Berry College Mentor Training


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Berry College Mentor Training

  1. 1. Mentor TrainingMary C. ClementCenter for Teaching Excellence, Berry College
  2. 2. Mentoring goalsIncrease the retention of strong new hiresRaise student engagement and achievement inthe courses of the new faculty memberLower the stress and frustration level of the newhire, enabling them to perform at higher levelsMeet accreditation guidelines
  3. 3. A mentor can beA guideA friendA role modelA confidanteA teacher
  4. 4. Who helped you?If you had a mentor, what did he/she do well?If you didn’t have a mentor, why do you wish thatyou had?
  5. 5. New Faculty Induction Orientation in August Ongoing seminars throughout the year - lunches with a curriculumNow, we are adding mentoring
  6. 6. Philosophy of our program Supportive, not evaluative Mentor does not report to the chair or dean Chair/dean still have roles in induction/helping/mentoring Evaluation process of new hires remains the same
  7. 7. Who will mentor?VolunteersChair, in consultation with the dean, makes thementor pairing. (same school, not necessarilysame department)Conflict? Contact Mary Clement
  8. 8. Roles and responsibilitiesHelp new hire “find” things on campus and offShare a sample syllabus or textbookDiscuss course planningDiscuss a specific lessonDiscuss grading
  9. 9. Answer questionsWhat exactly is Mountain Day? And theOlympics?What do I wear to ____________.Am I supposed to be at _________.Grades are due when?No, really, are there more deer than students?
  10. 10. A good mentorIs committed to the role of supportIs accepting of the new faculty memberIs skilled at providing instructional supportIs effective in communicatingIs a role model for learningShares hope and optimism
  11. 11. Collegial supervisionA mentor should observe in the new facultymember’s classes.Consider the clinical/collegial observation modelfor this.Observe at the invitation of the new facultymember, but ask them to invite you.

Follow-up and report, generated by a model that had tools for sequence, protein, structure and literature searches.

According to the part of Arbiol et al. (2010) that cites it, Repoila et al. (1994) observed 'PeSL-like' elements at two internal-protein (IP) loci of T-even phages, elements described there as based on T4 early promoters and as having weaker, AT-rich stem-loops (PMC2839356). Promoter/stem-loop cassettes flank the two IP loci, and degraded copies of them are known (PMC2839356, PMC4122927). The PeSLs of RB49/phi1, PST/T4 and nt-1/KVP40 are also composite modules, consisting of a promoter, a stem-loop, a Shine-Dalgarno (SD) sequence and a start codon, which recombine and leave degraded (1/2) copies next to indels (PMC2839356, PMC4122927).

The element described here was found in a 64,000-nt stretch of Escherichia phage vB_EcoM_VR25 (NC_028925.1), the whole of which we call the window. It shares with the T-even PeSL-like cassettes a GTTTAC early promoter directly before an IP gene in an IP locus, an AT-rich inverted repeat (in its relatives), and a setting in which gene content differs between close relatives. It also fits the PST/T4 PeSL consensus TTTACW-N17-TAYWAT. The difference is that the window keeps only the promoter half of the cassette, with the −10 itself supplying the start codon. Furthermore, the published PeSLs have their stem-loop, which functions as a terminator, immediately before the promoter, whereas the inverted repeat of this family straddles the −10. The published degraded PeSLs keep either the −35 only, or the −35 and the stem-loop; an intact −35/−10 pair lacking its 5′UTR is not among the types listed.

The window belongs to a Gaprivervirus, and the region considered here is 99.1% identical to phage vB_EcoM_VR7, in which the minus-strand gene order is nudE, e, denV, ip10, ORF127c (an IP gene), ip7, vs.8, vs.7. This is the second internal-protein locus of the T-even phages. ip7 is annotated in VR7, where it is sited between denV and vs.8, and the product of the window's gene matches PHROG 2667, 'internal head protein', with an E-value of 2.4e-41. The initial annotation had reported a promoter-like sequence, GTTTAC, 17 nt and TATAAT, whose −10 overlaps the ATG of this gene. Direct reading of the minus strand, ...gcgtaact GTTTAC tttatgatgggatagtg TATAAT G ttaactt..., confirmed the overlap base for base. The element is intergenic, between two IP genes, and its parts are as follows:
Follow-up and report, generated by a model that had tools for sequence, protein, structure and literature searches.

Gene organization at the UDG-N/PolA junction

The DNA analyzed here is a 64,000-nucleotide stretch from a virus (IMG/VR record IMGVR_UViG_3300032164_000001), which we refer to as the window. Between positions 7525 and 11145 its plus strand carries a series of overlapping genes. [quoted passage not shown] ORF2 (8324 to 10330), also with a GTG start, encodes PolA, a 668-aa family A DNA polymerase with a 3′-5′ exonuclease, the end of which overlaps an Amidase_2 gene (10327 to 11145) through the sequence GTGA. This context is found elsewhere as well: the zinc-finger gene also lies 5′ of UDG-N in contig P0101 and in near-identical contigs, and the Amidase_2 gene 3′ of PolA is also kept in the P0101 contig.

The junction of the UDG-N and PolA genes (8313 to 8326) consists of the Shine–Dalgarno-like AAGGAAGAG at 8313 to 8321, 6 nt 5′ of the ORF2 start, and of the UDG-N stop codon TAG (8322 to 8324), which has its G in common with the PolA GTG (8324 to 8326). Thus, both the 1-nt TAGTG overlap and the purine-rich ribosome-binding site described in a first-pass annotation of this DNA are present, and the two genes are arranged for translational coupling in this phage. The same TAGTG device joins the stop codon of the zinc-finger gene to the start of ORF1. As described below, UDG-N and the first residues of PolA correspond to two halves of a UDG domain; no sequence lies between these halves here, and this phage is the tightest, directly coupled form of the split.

12. 12. Three stepsPre-conferenceObservationPost-conference
  13. 13. Pre-conference Know when and where to be; what will be taught The new faculty member should discuss with you what the want the observation FOR- Please monitor my time- Watch for how I direct my questions- Listen for how I respond to student questions/comments
  14. 14. Prepare for the observation Decide what kind of data to record and how Consider a running record Don’t add subjective/evaluative comments Verbatim questions Quantitative numbers for responses, etc.
  15. 15. The observationArrive a little earlySit where you are not really noticed, but it helpsto see student faces. (side of room)Write or type without having other students seethe comments.Do not start the post-conference until you arealone with the faculty member.
  16. 16. Post-conference“Well, how did you you think your class went?”Is this a typical lesson for this group?Tell me about these students.Describe this class and their achievement.
  17. 17. Share data objectivelyI recorded that you asked 17 questions.You asked a follow-up to four students.I followed a plan you provided, and markedminutes. The review was 34 minutes. Is thatwhat you planned?Two students in the third row spent about half theclass texting.
  18. 18. DiscussWhat will you do tomorrow in class?Will you need to change the date of the exam?What have you learned about these students.
  19. 19. Mentoring adultsYour new faculty member is not a teachingassistant or graduate assistant!Tenets of adult learningMany adults want to learn on their own!Adults learn by talking and sharing.
  20. 20. Hot topicsTeaching underprepared studentsTeaching today’s studentsBeing 28 and teaching 22-year oldsFinding the time to write and publishHow do I get tenure?
  21. 21. Share resourcesGo to a professional conference together.Introduce the new faculty member to editors.Go to a Teaching Professor or Lilly conference.
  22. 22. Now, a little role-playingYou have been invited to observe the new hire.It’s the last week in September. She/he says thatshe/he is concerned that students are not veryattentive.You witness a 50-minute class with a 42 minutelecture in a room with a Powerpoint and dimmedlights. During the last five minutes of the class,the professor says, “any questions?”How do you start the discussion in the post-conference?
  23. 23. Scenario 2You have just observed what is a model lesson.It had a focus, presentation of new material,application and practice, and a great conclusionwith assessment. Wow.In the post-conference the new faculty confidesthat it took her all Sunday afternoon to preparethe lesson for one class, and she has fourpreparations!How do you counsel the perfectionist?
  24. 24. Scenario 3My new faculty member is young and handsome.He is attending every student event, and was ahit at Marthapalooza. He is talking about taking acouple of students to the next professionalconference out-of-state. He has study sessionsat his campus cottage. He lives for engagementwith students every waking moment.Discussion?
  25. 25. The flow of the school year What do we absolutely need to share at the beginning of the first semester? At mid-term time? Before finals About returning in January Spring break time Wrapping up a year
  26. 26. What questions remain?What about the mentor pairing beyond the firstyear?Is it my job to help my new hire get tenure?What if I become his/her chair?What if I evaluate them on P and T?
  27. 27. What’s YOUR philosophy? Teaching is a gift. Pass it on. Share from your head, heart, and hands.